For the 95 percent of people in state prisons who will eventually be released and the many others who are returning to communities from local jails, employment can play a critical role in preventing recidivism—but jurisdictions often lack the resources and coordination to effectively connect people with the necessary services to improve employability. To find solutions, beginning in 2015, a team of researchers and policy analysts from The Council of State Governments (CSG) Justice Center set out to pilot the Integrated Reentry and Employment Strategies (IRES) framework in Milwaukee County, Wisconsin, and Palm Beach County, Florida. The framework, developed with support from the U.S. Department of Justice’s Bureau of Justice Assistance, the U.S. Department of Labor, and the Annie E. Casey Foundation, aims to connect people leaving incarceration to the right reentry and employment services at the right intensity at the right time to reduce their chance of recidivating and improve employment readiness. From October 2017 to March 2018, CSG Justice Center staff assessed the sites’ reentry coordination and service delivery efforts for 521 people assessed to participate in the study.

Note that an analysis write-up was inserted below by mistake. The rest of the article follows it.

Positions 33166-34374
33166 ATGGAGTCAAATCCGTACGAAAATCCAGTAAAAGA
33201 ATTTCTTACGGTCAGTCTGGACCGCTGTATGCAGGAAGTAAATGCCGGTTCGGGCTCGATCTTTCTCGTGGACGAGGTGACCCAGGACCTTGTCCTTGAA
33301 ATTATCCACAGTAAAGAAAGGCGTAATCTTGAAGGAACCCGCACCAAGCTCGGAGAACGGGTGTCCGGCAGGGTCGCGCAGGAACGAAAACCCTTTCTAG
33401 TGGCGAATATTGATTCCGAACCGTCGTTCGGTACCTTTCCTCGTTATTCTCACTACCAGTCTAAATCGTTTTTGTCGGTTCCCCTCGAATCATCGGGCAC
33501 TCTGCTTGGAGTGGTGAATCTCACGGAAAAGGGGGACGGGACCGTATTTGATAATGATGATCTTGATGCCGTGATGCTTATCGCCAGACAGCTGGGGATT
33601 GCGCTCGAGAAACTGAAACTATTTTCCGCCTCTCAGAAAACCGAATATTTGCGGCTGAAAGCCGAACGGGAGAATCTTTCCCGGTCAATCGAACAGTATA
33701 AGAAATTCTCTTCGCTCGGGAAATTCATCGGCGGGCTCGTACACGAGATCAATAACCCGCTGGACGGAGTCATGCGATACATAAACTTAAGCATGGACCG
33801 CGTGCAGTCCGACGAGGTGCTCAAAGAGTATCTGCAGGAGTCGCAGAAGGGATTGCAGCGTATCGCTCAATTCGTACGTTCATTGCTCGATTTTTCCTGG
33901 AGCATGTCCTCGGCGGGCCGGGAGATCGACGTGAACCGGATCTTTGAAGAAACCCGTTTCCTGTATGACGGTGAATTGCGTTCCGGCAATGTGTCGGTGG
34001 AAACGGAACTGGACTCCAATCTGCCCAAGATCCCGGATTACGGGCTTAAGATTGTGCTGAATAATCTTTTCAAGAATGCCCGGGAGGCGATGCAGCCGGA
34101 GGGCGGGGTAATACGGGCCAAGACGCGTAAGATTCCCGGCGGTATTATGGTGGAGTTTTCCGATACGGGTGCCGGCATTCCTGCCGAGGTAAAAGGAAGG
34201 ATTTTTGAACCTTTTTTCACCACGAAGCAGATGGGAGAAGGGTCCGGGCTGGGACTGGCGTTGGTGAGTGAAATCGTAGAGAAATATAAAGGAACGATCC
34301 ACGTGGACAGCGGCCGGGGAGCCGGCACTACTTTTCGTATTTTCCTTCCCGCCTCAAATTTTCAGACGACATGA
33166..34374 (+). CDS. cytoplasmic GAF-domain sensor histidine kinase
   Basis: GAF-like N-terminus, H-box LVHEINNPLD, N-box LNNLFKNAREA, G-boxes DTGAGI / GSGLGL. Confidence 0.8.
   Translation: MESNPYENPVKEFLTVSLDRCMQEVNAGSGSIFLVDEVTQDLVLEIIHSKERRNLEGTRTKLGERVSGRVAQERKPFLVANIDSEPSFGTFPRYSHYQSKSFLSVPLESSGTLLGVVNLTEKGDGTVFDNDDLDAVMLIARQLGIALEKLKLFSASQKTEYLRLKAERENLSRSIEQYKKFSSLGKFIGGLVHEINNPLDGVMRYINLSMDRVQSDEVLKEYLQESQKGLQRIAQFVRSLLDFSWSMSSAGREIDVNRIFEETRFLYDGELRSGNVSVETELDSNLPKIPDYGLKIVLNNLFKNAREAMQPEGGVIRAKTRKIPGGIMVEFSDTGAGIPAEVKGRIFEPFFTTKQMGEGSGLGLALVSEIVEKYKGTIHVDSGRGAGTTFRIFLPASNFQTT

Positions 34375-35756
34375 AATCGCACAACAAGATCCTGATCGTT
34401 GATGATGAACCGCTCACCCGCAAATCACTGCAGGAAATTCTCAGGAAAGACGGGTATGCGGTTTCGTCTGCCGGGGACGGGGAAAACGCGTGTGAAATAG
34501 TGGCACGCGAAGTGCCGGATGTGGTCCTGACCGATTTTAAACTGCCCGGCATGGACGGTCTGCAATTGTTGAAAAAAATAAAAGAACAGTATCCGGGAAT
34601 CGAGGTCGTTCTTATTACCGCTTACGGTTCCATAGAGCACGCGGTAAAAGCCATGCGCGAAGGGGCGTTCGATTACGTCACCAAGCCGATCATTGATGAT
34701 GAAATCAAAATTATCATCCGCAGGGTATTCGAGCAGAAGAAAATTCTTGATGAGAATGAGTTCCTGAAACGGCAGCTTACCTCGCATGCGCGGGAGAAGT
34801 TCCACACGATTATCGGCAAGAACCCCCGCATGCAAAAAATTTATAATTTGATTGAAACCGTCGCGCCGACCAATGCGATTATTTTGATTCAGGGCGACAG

The IRES Pilot Project Process Evaluation Report details their findings and assesses the sites’ strengths, challenges, and more. Corrections, reentry, and workforce development administrators and practitioners from across the country can use these takeaways to facilitate conversations with key stakeholders about their own ability to integrate the efforts of corrections and workforce development systems to meet the reentry and employment needs of people returning from incarceration.